Local Pot Laws Conflict with National Policies Worldwide
The United States isn't the only place where local marijuana policies clash with national laws. Even Amsterdam and the Dutch government have struggled with this tension. Read the rest of Governing's first-ever International Issue here.
Has The Dude, the pot-smoking character played by Jeff Bridges in the film “The Big Lebowski,” become Seattle’s new poster child? In December, using small quantities of marijuana became legal in Washington state, and the Seattle Police Department (SPD) responded by posting Bridges’ picture on its website with the caption, “The Dude abides, and says ‘take it inside.’”
Under the referendum passed by voters in November, state residents can possess small amounts of pot, but not in public. The SPD’s advice: “Under state law, you may responsibly get baked, order some pizzas and enjoy a ‘Lord of the Rings’ marathon in the privacy of your home, if you want to.”
Breckenridge, Colo., might have beaten them to it. For years, newspaper reporters have long referred to the town as “The Amsterdam of the Rockies,” where some residents quietly encouraged tourists to come for “our great outdoor beauty -- and then relax with a joint at the end of the day.” Now, residents in Colorado have also joined with Washington, voting to legalize the possession of small quantities of pot.
But if voters in Colorado and Washington decriminalized the possession of marijuana, federal law remains clear and inflexible. National drug policy still classifies pot as a Schedule I drug, along with heroin, ecstasy and LSD, with “no currently accepted medical use in the United States” and “a high potential for abuse.” That has left the Obama administration nothing but tough choices: invoking federal preemption and taking a tough enforcement stand, which would anger many members of the base that just returned the president to the White House; doing absolutely nothing; or artfully threading their way through the dilemma of strong state support for decisions that are in opposition to national policy.
Even Amsterdam has struggled with this tension. The Dutch capital is home to hundreds of “coffee shops,” where customers can legally enjoy both java and ganja. In fact, tourist officials estimate that 35 percent of all visitors to Amsterdam stop by a coffee shop. However, the center-right Dutch government in May banned the purchase of pot without a “wietpas” or weed pass, a membership in the coffee shops that is only available to residents. “The objective is to combat the nuisance and crime associated with coffee shops and the trade in drugs,” Prime Minister Mark Rutte explained.
The government’s crackdown stirred a huge backlash. Amsterdam Mayor Eberhard van der Laan said the ban could push the marijuana trade from the coffee shops into the back alleys, as tourists “swarm all over the city looking for drugs.” He said, “This would lead to more robberies, quarrels about fake drugs and no control of the quality of the drugs on the market -- everything we have worked toward would be lost to misery.”
Ultimately, the Dutch national government found a crack to squeeze through. It insisted on maintaining its policy but left implementation in the hands of local officials. Amsterdam’s mayor quickly signaled that he wouldn’t be enforcing the ban. The coffee shops were back in smoke-filled business. Lady Gaga celebrated during an Amsterdam concert by smoking a spliff onstage she called “wondrous.”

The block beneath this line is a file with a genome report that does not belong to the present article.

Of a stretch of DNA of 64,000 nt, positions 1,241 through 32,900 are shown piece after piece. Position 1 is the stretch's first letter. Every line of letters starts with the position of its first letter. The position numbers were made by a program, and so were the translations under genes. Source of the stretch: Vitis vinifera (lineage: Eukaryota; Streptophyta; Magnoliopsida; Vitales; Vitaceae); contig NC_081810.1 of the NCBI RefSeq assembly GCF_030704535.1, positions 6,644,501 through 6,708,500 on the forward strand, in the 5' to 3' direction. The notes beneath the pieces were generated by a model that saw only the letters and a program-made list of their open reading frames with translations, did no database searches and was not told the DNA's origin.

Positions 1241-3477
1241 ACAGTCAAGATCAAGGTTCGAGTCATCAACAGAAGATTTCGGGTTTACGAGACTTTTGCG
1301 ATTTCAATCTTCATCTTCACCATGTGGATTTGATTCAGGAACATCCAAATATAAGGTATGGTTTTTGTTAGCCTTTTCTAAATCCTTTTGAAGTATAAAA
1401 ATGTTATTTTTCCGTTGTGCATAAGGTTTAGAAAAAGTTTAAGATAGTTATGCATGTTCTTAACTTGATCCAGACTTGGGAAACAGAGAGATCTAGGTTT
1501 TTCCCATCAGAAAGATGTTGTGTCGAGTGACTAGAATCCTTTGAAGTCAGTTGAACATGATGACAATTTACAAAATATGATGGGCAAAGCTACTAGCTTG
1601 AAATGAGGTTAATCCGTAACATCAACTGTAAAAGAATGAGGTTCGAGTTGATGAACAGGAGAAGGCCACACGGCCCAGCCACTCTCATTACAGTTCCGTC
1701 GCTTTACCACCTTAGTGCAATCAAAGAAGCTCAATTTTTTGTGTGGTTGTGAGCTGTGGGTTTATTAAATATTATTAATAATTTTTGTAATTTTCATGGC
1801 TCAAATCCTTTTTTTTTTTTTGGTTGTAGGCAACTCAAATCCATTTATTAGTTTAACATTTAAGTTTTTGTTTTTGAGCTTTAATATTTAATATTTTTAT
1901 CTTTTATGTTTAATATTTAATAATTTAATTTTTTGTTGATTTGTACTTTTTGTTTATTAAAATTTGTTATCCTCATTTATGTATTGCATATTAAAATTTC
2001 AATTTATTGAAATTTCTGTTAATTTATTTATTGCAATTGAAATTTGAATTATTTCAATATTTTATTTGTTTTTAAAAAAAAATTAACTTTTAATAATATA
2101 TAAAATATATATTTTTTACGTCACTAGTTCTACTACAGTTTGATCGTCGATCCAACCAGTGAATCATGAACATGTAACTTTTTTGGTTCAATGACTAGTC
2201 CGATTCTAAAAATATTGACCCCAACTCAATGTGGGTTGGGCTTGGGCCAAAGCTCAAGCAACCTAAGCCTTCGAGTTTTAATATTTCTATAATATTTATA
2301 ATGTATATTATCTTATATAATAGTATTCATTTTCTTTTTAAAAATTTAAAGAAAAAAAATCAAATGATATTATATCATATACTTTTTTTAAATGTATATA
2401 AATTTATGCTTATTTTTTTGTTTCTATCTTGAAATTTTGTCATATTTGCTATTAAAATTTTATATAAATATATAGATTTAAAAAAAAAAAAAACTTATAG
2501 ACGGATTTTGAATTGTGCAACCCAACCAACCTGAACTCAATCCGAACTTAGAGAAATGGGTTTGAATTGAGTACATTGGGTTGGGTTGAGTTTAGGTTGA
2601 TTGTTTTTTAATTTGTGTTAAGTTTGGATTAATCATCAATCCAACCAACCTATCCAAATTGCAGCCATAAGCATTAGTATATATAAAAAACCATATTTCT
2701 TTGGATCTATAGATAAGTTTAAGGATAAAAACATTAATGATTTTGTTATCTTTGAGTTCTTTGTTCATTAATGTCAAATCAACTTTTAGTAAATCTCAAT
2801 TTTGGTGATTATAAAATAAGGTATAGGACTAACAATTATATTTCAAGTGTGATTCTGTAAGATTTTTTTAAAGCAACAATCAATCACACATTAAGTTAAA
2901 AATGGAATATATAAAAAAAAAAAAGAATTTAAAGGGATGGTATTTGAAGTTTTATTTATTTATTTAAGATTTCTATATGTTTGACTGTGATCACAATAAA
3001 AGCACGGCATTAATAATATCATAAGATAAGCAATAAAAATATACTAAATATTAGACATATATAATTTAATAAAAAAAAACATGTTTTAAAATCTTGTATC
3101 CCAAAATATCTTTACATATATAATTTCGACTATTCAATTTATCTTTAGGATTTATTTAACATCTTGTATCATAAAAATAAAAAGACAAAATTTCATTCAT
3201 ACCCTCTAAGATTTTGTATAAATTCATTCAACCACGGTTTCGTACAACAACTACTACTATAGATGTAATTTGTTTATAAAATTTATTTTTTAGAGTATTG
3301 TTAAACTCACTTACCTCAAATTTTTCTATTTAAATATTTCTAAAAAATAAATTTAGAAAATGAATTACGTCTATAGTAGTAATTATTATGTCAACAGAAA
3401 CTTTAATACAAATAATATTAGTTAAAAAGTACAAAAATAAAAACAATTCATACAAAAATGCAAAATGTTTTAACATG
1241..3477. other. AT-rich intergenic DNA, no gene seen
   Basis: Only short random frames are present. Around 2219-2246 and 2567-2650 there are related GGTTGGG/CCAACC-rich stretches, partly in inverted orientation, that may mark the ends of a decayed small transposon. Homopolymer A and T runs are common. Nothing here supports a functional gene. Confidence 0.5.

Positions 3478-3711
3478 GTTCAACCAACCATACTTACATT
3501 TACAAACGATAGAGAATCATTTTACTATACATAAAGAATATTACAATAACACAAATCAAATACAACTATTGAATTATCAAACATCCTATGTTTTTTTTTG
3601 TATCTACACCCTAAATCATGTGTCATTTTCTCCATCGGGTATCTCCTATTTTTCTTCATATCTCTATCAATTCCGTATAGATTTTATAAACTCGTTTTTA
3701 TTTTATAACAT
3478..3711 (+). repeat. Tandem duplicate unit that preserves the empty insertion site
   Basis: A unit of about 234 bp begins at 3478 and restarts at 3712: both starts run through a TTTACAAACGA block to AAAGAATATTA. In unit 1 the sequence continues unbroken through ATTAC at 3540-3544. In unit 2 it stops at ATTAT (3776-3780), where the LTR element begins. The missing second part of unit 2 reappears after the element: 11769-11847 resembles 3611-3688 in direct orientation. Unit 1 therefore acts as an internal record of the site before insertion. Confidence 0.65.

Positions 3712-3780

But the national government hadn’t finished. In November, it proposed a new ban on “skunk” pot, which contains more than 15 percent of THC (tetrahydrocannabinol, the magic in marijuana). The Dutch justice minister said it was a “hard drug” that created dangerous addiction. The coffee shop industry countered that this could also lead to more danger and crime -- “Weak weed in the coffee shops, strong weed on the streets,” as a spokesman put it. Tourists would spill back into dangerous back alleys looking for the more potent high that the coffee shops could no longer provide.
For governments everywhere, toking up has raised some exceptionally tough issues. How far can national governments go in enforcing laws out of sync with local officials? How can local officials slide around national policies so they stay in sync with their citizens? In the Netherlands, as in most countries, the battle plays out among governments that are all part of the same (more or less) governmental system. Neighboring governments in France and Germany insisted they would keep their pot bans in place, and the Danish government refused a request from Copenhagen’s city council to experiment with Amsterdam-style deregulation. In the Czech Republic, Portugal and Switzerland, the national governments have taken a more Breckenridge-like position. In all these cases, national policy rules the day -- to the degree national officials can deal with intransigent local officials and the habits of their citizens.
In the United States, federalism puts an emphasis on local enforcement of laws. The dilemma comes when local laws -- and practice -- differ with national laws. Seattle’s police dealt with this problem by suggesting users not “flagrantly roll up a mega-spliff and light up in the middle of the street,” and instead, manage their munchies in the quiet of their own homes. But the Obama administration has to find a road that doesn’t abandon federal law when state voters decide they oppose it.
Governing everywhere is much more about finding a common ground between policy goals and different levels -- and charting a road to reconcile what officials want and what citizens will actually do. Our system of federalism, as always, adds a special twist.